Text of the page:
March 13, 2017
By: Ryan Himmelwright

Linux from Scratch - Repeated Setup Steps

During the Linux From Scratch process, there may be times when the build environment (computer, VM, chroot, whatever) must be restarted. If so, there are a few steps from the setup phase that have to be re-initialized. This post maps out those steps.

Setting The $LFS Variable

After setting up the virtual disk for my LFS build, I needed to define where I wanted to eventually mount it. This location is important, because it is the path that the $LFS variable is set to. The $LFS variable is used throughout the book, to easily point to where the LFS system is being built.

Setting the LFS variable

To set the #LFS variable, I ran the following command: *

export LFS=/mnt/lfs

To check that the variable set correctly, just print it out using echo (if successful, the path that was specified should print out).

echo $LFS

Ensuring the $LFS Variable is Always Set

There are several ways to ensure that the $LFS variable is always loaded during login. One method the book recommends is to edit the .bash-profile found in both ~ and /root, by appending the export command defined above to them. This way every time the build machine resets, simply logging into the system (which loads bash, assuming it is the default), will export the $LFS* variable.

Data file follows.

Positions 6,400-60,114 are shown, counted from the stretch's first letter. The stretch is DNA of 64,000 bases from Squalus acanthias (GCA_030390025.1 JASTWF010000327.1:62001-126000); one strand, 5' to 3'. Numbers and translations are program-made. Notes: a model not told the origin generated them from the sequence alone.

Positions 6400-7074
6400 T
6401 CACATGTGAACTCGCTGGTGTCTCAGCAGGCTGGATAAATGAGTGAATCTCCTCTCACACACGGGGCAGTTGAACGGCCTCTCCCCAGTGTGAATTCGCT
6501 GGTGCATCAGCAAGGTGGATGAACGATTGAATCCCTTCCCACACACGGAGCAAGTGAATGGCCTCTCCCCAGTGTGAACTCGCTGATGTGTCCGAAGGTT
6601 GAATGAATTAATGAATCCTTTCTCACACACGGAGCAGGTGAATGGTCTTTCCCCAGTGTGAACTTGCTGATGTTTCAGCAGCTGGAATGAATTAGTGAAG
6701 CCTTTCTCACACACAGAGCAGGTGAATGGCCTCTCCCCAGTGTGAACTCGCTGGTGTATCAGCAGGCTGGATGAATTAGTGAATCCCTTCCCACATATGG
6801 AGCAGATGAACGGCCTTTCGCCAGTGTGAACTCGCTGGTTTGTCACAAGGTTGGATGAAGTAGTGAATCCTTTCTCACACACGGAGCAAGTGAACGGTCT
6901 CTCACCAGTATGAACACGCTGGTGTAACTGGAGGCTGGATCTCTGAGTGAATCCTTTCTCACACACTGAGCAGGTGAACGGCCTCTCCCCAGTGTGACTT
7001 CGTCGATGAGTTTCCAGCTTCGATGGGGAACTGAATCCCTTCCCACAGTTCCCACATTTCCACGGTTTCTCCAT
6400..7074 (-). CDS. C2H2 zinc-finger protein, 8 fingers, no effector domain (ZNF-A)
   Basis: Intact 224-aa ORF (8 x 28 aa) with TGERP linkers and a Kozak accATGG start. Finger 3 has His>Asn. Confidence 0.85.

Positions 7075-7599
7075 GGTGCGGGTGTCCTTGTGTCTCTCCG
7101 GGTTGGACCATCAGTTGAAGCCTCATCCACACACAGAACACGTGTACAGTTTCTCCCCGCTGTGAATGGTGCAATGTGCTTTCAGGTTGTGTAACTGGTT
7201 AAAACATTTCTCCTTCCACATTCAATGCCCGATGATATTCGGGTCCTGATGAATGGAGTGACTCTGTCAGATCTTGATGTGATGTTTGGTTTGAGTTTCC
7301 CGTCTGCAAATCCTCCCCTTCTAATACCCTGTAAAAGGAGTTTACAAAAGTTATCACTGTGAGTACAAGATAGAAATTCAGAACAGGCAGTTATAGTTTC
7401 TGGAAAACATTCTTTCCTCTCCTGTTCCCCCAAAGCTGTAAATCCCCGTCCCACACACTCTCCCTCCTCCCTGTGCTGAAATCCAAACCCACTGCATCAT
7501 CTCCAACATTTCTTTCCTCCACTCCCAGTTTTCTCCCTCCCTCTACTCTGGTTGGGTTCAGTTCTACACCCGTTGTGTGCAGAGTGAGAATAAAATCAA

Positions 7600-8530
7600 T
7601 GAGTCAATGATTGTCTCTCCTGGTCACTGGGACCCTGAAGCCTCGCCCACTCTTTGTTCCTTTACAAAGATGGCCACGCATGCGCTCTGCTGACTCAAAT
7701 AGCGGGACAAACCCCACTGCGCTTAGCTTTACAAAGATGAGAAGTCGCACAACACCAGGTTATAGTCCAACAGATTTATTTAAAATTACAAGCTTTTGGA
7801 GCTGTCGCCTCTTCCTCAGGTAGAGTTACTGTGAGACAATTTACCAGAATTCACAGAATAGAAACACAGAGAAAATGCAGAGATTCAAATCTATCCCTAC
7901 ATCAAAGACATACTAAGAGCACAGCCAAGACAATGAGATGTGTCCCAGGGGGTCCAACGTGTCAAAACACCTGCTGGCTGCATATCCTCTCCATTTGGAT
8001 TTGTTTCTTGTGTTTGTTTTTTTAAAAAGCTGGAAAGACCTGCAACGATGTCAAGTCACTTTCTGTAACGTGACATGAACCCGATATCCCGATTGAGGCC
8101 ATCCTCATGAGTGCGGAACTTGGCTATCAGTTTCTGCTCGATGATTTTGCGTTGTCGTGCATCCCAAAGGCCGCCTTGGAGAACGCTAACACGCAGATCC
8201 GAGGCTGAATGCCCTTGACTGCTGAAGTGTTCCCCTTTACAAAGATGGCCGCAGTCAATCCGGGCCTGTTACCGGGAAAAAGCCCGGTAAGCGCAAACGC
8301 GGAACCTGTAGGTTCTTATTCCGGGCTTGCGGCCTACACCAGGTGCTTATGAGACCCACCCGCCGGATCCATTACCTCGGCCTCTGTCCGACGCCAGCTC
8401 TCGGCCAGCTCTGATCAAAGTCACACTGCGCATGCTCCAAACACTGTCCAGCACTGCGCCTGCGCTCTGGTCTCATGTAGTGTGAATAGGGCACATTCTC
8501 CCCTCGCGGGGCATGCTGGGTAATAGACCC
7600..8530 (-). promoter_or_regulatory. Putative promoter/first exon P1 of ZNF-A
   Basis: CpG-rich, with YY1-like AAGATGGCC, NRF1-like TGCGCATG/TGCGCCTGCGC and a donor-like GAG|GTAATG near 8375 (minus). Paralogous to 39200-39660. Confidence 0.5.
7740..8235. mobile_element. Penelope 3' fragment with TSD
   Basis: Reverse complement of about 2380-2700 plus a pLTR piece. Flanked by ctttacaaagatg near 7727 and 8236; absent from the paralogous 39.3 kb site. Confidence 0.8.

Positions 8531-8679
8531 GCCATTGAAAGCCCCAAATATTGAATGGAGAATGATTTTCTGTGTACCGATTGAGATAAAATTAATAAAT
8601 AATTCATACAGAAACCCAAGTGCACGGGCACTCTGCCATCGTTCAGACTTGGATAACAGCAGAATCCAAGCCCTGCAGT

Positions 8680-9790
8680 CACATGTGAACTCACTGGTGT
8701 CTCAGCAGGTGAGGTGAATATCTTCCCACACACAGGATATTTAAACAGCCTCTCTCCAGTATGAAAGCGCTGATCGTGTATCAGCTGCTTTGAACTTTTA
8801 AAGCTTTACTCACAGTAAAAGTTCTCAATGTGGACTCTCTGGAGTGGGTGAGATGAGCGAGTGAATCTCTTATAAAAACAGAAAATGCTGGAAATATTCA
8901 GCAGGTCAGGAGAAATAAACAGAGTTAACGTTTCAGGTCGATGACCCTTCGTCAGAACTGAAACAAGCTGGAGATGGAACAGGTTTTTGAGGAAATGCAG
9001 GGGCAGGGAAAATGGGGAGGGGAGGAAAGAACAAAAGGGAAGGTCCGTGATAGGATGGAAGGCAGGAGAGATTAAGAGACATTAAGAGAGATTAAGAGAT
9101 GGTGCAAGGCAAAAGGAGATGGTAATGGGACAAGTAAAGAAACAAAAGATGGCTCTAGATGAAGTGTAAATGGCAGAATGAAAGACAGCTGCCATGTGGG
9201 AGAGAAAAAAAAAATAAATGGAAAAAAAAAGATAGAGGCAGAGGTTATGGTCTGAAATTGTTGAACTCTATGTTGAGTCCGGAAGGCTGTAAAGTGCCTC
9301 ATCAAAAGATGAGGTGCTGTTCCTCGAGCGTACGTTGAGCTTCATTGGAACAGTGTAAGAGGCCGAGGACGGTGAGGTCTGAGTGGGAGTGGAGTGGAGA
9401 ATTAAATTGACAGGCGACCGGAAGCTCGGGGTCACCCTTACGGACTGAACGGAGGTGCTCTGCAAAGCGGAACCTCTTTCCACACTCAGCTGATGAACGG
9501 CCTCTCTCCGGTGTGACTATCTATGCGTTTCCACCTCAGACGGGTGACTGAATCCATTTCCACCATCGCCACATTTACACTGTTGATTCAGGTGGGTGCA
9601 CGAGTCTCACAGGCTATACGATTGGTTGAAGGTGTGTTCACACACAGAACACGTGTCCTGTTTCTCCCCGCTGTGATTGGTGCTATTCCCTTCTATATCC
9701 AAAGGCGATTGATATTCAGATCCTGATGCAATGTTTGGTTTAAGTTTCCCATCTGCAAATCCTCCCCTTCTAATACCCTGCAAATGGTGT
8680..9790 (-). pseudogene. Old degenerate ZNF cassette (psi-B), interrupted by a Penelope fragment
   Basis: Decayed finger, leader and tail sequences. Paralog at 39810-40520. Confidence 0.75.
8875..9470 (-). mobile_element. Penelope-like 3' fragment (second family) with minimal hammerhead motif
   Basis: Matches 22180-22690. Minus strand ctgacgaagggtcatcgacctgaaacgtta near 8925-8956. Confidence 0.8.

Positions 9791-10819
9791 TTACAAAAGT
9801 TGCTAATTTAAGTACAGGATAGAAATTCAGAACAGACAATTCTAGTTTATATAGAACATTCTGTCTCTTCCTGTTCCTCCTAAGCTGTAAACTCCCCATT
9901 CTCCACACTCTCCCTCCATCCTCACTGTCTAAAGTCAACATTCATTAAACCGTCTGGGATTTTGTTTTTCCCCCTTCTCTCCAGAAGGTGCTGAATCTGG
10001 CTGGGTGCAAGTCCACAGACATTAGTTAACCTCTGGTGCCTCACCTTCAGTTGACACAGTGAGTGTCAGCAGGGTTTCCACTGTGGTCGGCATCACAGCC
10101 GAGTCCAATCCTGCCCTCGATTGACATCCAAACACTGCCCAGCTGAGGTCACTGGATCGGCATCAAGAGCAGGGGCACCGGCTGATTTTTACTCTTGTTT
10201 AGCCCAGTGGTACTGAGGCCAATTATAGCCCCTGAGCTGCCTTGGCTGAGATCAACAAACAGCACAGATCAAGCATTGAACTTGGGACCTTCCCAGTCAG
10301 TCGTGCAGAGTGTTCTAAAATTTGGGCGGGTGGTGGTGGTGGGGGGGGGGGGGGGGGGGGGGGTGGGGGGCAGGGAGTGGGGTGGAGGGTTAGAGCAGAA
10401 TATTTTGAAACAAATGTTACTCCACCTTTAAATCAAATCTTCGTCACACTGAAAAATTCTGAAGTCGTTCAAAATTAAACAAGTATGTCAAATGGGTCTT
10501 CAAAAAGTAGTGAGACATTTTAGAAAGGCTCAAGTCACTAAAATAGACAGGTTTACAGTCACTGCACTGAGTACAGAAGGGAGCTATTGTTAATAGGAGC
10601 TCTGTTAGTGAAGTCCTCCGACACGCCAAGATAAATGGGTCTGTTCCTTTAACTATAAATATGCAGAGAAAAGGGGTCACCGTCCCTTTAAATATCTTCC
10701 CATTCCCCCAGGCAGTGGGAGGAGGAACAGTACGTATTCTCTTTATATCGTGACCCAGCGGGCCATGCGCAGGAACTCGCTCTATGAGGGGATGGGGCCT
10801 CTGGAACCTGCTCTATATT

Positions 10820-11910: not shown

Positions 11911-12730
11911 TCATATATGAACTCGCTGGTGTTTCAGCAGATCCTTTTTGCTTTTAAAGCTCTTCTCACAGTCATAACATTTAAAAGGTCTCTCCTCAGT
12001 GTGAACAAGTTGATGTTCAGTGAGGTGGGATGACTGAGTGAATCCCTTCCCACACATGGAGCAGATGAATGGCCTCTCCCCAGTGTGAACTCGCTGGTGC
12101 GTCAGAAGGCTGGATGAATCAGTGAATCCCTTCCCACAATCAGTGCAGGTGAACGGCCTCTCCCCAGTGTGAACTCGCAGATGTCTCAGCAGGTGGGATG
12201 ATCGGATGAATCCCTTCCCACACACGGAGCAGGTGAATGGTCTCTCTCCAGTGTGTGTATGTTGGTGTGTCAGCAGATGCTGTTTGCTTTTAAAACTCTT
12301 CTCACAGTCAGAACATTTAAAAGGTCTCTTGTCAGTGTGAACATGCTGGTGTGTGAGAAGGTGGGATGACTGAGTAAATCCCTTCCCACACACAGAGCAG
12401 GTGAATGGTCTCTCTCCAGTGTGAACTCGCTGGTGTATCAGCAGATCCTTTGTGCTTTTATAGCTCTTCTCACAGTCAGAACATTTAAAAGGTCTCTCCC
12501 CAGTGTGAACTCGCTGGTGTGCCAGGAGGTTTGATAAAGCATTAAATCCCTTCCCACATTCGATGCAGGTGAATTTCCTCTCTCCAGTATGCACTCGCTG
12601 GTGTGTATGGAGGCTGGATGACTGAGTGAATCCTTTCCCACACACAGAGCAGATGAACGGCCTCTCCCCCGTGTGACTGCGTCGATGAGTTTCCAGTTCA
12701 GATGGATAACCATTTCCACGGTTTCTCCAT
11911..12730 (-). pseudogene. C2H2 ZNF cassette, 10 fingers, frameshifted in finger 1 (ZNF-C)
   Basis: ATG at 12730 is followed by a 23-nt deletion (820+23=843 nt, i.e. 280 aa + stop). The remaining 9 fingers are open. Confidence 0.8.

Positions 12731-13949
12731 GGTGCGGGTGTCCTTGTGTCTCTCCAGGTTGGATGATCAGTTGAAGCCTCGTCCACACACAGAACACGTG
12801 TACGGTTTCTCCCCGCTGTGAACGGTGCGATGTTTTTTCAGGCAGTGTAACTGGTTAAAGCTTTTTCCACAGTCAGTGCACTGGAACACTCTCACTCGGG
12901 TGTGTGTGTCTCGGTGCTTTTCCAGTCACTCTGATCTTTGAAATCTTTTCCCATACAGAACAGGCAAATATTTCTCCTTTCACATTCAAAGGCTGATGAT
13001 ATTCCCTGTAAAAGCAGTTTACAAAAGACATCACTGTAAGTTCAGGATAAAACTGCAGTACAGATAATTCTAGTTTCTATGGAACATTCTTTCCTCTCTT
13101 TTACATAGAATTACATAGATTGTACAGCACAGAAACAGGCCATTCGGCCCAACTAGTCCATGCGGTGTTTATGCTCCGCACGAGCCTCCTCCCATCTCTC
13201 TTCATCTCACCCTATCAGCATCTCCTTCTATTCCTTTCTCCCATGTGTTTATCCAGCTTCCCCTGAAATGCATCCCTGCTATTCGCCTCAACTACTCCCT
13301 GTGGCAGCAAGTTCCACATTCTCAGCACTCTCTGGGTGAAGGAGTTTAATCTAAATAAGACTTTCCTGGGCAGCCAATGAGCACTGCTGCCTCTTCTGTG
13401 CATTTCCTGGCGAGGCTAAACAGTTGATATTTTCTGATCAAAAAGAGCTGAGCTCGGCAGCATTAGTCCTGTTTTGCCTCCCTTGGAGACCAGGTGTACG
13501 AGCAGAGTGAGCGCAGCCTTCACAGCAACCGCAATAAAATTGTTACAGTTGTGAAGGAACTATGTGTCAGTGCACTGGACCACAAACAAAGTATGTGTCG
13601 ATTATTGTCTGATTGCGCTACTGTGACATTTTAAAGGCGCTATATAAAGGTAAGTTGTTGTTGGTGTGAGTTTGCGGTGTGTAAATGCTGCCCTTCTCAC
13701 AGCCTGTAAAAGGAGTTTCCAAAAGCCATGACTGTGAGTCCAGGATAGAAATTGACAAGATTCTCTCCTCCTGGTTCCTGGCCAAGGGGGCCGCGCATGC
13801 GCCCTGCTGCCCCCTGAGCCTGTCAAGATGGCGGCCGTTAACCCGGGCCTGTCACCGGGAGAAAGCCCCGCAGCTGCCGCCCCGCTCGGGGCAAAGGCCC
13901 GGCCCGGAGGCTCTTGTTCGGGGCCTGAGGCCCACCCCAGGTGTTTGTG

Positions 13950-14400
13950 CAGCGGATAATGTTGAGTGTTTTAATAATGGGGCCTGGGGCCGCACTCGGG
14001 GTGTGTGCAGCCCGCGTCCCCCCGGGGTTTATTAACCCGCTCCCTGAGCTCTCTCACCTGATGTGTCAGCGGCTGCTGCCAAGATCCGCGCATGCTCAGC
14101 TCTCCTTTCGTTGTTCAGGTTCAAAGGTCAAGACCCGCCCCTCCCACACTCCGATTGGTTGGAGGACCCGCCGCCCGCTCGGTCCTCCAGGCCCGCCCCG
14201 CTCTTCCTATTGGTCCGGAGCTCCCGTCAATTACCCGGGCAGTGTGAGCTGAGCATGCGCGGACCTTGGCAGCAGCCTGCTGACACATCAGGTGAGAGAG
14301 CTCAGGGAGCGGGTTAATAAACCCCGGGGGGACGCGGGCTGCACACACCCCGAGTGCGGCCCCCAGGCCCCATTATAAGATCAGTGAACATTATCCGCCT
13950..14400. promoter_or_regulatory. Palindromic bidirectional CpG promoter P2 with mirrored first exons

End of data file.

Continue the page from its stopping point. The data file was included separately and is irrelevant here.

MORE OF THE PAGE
Mounting the LFS Partition(s)

After setting the $LFS variable, I could finally mount my LFS drive/partition to that location. First, I ensured that the directory existed by running:

mkdir -pv $LFS

Note: In this command, the -v again means verbose, so a message will be printed for each directory created. The -p flag is for –parents, and will instruct "mkdir" to also make parent directories, as needed. So, if /mnt/ does not already exist, will be created along with /mnt/lfs.

After creating the directories, I mounted them with the command:

sudo mount -v -t ext4 /dev/sdb

If multiple partitions are being used for the LFS build (such as a separate /home partition), they should also be mounted at this time.

After mounting my partition, the LFS book recommended that I check that the partition was not mounted with restrictive permissions. To do this, I ran the mount command again, but this time without any parameters. From the output, I was able to see and confirm that the partition was not mounted with restrictive permissions, such as nosuid or nodev. If either of these options are set, the partition should be remounted.

Lastly, if a swap partition is being used, do not forget to enable it using swapon:

swapon -v /dev/xxx (with xxx the name of the swap partition)


Remember, if the LFS host system is restarted for any reason, these steps must be completed upon logging into the rebooted system. Even if measures were taking to always complete these steps (such as adding the $LFS variable to the bash profile, or mounting the partitions via the fstab file), it is still a good idea to check and make sure that they actually initialized as intended. This can prevent several headaches down the road.
Tags: [LFS] [Linux]